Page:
9

One of the things that bugs me the most about VIM is having to move while in insert mode. With any other programs I can use the arrow keys to move around but with VIM I have learned to use h/j/k/l and in order to enter that mode I have to press escape then I again, Is there a quicker way to do that?

  • 2
    One of the general tenants of vim is to not navigate in insert mode. It's common to map caps lock to ESC to make it easier to exit insert mode. Another general vim tenant is to be in insert mode as little as possible. – Matt Greer Jan 5 '12 at 21:22
  • Please see "Misconception #1" at viemu.com/a-why-vi-vim.html – Greg Hewgill Jan 5 '12 at 21:27
  • I think you just should train the muscle memory =) – ck3g Jan 5 '12 at 21:57
  • what do you mean ck3g? do you mean just train it to use the ESC key? – Helmut Granda Jan 5 '12 at 22:19
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    possible duplicate of Vim: Traversing text in Insert mode – Andreas Grech Apr 22 '13 at 8:16
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I have my escape button mapped to jj.

imap jj <ESC>

That way when I want to enter normal mode fast I double tap jj and my fingers are in a good position to start navigating.

It may seem awkward to begin with but once you get muscle memory it will be like lightening.

  • 2
    If you need to insert 'jj', do you just do it slowly? – Matt Greer Jan 5 '12 at 21:25
  • Yes that is correct, it's very rare the 2 letters are required together but when they are I have to press slow – rogermushroom Jan 5 '12 at 21:27
  • I do have jj already mapped, I guess I didnt think about it much. Also I found this answer which helps even further: stackoverflow.com/questions/1737163/… – Helmut Granda Jan 5 '12 at 21:30
  • it would be better if you prepend it with your desired mapleader :) inoremap <leader>jj <ESC> – chanHXC Aug 8 '13 at 13:05
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    Perhaps but it then requires an extra click everytime you use it just to resolve a problem which occurs very rarely. – rogermushroom Aug 8 '13 at 17:59
6

You can temporarily drop out of insert mode by typing ^O to navigate. Useful to get past auto inserted closing brackets.

Most of the time vim understands the page movement buttons if your terminal is known to it. The original vi did not, and this command has always been there.

Useful muscle memory:

^Oo - stop and open line below, capital O is above ^OA - go to the end of the line and carry on inserting ^OI - Start inserting at beginning of line

As an aside:

I used to use vi on system V way back, at least 23 years ago. Personally find the idea of vi having a philosophy very funny. It was a pragmatic replacement for ex written by a lone coder in a hurry. Its pragmatism is why it survived because it was easy to port to any Unix. To get the best you should learn how to use f, t, comma and semicolon - they can save you a lot of effort when you use them with c.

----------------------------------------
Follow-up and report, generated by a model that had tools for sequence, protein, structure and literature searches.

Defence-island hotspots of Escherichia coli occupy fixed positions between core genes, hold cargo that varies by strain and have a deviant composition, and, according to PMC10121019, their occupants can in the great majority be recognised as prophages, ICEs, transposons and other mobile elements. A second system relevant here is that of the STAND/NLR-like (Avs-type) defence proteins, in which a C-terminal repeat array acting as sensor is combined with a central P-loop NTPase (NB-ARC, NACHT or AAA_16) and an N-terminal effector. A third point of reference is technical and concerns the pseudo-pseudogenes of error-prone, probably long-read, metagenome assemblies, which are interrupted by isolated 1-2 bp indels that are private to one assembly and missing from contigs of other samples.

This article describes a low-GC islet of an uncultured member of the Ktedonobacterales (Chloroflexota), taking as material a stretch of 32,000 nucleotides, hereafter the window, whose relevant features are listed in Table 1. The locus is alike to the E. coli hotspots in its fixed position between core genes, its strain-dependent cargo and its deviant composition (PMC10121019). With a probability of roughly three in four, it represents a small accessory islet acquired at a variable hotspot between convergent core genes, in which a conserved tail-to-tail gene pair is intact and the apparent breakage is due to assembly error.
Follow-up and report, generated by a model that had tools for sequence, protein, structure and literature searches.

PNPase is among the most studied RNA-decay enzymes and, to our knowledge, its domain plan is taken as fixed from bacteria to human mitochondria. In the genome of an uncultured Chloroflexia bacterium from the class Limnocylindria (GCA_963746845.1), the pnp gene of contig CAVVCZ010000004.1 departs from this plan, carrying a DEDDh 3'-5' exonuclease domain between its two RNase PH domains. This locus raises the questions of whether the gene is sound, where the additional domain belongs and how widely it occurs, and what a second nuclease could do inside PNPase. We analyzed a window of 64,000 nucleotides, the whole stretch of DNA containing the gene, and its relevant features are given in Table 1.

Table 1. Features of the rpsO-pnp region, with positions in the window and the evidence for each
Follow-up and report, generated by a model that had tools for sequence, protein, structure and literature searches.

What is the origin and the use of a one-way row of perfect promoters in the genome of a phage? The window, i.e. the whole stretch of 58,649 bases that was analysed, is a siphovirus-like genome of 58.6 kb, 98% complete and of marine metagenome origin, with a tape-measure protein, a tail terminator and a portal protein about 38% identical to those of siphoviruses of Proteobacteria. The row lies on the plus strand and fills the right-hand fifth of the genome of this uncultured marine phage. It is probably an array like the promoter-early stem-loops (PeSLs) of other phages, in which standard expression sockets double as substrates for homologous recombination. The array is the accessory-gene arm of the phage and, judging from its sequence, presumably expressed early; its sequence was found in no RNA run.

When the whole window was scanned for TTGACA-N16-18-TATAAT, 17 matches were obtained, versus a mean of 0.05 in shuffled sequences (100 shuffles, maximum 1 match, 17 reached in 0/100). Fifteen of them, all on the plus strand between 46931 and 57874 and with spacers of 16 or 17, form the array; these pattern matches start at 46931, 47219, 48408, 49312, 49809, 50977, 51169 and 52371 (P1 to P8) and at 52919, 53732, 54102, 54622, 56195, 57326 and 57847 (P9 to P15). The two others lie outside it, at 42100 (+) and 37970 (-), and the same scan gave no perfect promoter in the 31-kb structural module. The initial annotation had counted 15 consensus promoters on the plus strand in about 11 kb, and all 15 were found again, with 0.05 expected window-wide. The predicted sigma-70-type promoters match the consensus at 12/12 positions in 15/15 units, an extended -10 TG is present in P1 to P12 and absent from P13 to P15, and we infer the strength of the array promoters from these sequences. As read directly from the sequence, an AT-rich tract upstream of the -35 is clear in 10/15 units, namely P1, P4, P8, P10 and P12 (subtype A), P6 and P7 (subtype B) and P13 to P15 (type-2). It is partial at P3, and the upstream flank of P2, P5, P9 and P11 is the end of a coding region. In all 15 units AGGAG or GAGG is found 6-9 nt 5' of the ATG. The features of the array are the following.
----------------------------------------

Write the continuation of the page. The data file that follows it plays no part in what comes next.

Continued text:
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    I was doing the same thing to skip over close brackets until I found out that typing the closed bracket itself will just take me over it without inserting a new one, very useful! – maxymoo Mar 21 '17 at 22:22
2

use CTRL-[

here's a suggestion (probably from Bram) in the insert.txt helpfile for :h i_CTRL-[

"Note: If your key is hard to hit on your keyboard, train yourself to use CTRL-[."

2

You can use Ctrl+C to exit from the insert mode. Adding things to your vimrc file has a caveat: they don't work if you're on a remote server.

1

If you have a line in your vimrc file that looks like set term=ansi, comment it out. Once I did that I was able to navigate insert mode with arrow keys no problem.

0

If you want to move more than ONE or TWO positions...

...the best choice is to hit ESC, move around, and get back to insert mode again.

There's no point on create mappings like <C-h> to move left and then start hitting it too many times... as a vim user you're not supposed to hit the same key multiple times to achieve a smart movement.

(If the ESC key isn't close to your fingers, it would be a good option to create a mapping for it.)

If you want to move ONE or TWO posistions on insert mode...

...a good choice would be to define some movements using your <Leader> key:

(I use , as <Leader> key since it's feels close and confortable to my fingers)

noremap! <Leader>h <left>   "move cursor left
noremap! <Leader>j <down>   "move cursor down
noremap! <Leader>k <up>     "move cursor up   
noremap! <Leader>l <right>  "move cursor right
noremap! <Leader>w <esc>wi  "move one word forward
noremap! <Leader>e <esc>ei  "move forward to the end of word
noremap! <Leader>b <esc>bi  "move one word backward

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